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Key developments in the charities sector - A snapshot

Native Title & Public Interest Law
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Our Public Interest Law team provides an update on key recent developments in the Australian charities sector.

New ACNC Commissioner 

The Government has appointed Dr Gary Johns as the new Commissioner of the Australian Charities and Not-for-profits Commission. Dr Johns replaces Susan Pascoe AM. The appointment is controversial, considering that Dr Johns has previously voiced his support for the Abbott government’s proposal to abolish the Charities Act based on a view that, contrary to the High Court’s decision in Aid/Watch, advocacy should not be a charitable purpose.
The appointment comes at an important time for the independent regulator as it embarks on a five-year review of the ACNC’s legislation. Public submissions to the review are due on 28 February 2018 and a list of questions to guide submissions can be accessed here.

Deductible Gift Recipient Reform

The Minister for Revenue and Financial Services, Kelly O’Dwyer, recently announced the Government’s position on reforms to Deductible Gift Recipient (DGR) administration. 

The announcement follows a Treasury Discussion Paper and consultation process concluded in August 2017. 

We welcome the Government’s decision to scrap plans to require environmental organisations to carry out a mandatory level of ‘on the ground’ remediation activities. The proposal for a remediation mandate was first proposed by the 2016 Senate Inquiry into Environmental Organisations. As expressed in our submission to the Treasury Discussion Paper, this proposal lacked any sensible justification and threatened to undermine the ability of environmental charities to most effectively achieve their charitable purposes. 

Other key announcements include: 

  • All non-government DGRs will be automatically registered as a charity with the ACNC from 1 July 2019
  • Public fund requirements will be abolished
  • The DGR registers (harm prevention charities, environmental organisations and cultural organisations) and Overseas Aid Gift Deduction Scheme will be integrated with the ACNC charity register
  • Organisations that promote Indigenous languages will be eligible for entry to the Register of Cultural Organisations, and
  • Proposed changes to the ‘in Australia’ requirements for DGRs will be abandoned.
We strongly support the inclusion of Indigenous language promotion on the ROCO and are pleased to see the abolition of public fuind requirements and the abandonment of proposed changes to the ‘in Australia’ requirement.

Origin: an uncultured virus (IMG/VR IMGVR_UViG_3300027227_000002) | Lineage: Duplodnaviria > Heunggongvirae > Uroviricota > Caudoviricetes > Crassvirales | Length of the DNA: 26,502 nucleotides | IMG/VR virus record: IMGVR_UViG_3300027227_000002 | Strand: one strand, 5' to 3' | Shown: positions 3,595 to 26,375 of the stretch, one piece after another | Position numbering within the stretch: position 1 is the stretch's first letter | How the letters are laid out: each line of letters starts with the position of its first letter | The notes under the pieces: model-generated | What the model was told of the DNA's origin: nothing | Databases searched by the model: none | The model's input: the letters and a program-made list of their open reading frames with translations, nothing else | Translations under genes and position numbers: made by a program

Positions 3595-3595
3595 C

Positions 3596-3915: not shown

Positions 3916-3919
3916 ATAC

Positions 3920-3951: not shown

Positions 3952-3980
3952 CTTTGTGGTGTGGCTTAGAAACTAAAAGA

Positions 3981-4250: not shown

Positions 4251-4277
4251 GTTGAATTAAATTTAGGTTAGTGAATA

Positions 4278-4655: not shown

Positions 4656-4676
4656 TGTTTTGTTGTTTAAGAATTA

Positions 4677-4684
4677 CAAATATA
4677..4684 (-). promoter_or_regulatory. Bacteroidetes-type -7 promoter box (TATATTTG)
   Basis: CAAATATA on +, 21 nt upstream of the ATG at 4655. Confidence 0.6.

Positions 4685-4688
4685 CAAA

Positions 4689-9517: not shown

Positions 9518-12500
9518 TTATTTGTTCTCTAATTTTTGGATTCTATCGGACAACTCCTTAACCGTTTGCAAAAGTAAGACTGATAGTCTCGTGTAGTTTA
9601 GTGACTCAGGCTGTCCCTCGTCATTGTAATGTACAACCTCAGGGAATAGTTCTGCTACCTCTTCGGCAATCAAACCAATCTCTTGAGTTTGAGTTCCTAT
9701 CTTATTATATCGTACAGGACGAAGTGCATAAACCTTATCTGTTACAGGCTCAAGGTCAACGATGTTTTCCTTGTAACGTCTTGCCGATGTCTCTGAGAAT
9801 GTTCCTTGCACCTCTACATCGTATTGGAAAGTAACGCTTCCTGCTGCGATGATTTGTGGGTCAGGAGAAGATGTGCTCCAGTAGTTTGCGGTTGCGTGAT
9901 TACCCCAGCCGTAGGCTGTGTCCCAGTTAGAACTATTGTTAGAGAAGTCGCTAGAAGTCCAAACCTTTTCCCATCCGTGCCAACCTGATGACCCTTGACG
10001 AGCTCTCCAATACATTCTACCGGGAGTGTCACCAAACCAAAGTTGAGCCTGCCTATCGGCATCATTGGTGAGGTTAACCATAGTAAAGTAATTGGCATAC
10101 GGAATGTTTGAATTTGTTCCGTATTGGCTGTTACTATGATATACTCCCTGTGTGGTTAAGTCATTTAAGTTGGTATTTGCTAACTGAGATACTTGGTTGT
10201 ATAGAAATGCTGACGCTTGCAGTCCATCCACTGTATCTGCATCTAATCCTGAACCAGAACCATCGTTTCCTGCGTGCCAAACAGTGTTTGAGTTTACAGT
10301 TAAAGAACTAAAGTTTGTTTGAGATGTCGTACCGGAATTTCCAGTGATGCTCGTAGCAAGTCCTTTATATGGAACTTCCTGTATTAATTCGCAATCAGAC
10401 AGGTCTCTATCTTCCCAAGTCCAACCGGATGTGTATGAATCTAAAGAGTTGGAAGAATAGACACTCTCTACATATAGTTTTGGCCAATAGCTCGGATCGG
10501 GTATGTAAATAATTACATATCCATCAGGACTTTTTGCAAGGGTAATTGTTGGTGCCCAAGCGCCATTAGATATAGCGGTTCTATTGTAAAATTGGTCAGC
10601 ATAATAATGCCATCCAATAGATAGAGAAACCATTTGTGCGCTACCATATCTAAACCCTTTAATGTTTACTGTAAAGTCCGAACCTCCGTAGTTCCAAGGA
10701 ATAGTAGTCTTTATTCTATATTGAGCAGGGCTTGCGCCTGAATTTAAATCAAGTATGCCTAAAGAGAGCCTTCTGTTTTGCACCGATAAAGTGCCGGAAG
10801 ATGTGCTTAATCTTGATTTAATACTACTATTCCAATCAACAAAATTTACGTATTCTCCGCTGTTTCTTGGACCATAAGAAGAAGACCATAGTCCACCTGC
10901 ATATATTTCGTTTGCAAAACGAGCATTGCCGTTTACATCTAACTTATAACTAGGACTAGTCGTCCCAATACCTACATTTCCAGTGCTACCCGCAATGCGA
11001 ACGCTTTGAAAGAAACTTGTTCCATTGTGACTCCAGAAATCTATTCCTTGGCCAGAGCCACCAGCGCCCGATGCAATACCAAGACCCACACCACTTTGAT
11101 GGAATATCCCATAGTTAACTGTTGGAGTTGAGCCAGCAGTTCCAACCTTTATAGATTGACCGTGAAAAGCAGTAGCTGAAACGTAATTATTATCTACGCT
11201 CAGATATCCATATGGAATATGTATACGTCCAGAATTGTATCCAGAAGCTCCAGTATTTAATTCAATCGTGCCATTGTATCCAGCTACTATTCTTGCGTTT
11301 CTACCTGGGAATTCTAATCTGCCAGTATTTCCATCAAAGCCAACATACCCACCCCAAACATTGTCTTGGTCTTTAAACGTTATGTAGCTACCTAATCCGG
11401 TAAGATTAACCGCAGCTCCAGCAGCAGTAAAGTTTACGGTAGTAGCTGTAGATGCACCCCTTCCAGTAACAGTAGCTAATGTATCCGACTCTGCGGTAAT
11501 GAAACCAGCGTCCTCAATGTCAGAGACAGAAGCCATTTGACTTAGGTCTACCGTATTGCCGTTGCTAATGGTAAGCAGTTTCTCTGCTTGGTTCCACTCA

However, we are concerned about the additional reporting requirements slated for DGRs, particularly in the context of the proposed foreign donations reforms (see below) and the unwarranted focus on advocacy in the Treasury Discussion Paper. 

Foreign Donations Reform

Following the recommendation of the Joint Standing Committee on Electoral Matters in early 2017, the Government recently introduced legislation to ban foreign political donations.
The Electoral Legislation Amendment (Electoral Funding and Disclosure Reform) Bill 2017 was introduced to the Senate on Thursday 7 December 2017. Further consideration of the Bill has been adjourned to 5 February 2018.  
Arnold Bloch Leibler shares the concern of many in the charitable sector that this legislation will have a unjustifiably and unfairly adverse effect on the legitimate advocacy activities of charities and for this reason may be open to constitutional challenge.  
We will follow up with a detailed analysis of this Bill in the forthcoming period.

AAT’s first decision on ACNC Act and Charities Act

The Administrative Appeal Tribunal has handed down its first decision on the ACNC legislation and Charities Act
The decision will have implications for Health Promotion Charities in particular, and also provides guidance on the scope for charities to challenge the ACNC Commissioner’s decisions. Our analysis of the significant implications of this decision for charities will follow. 

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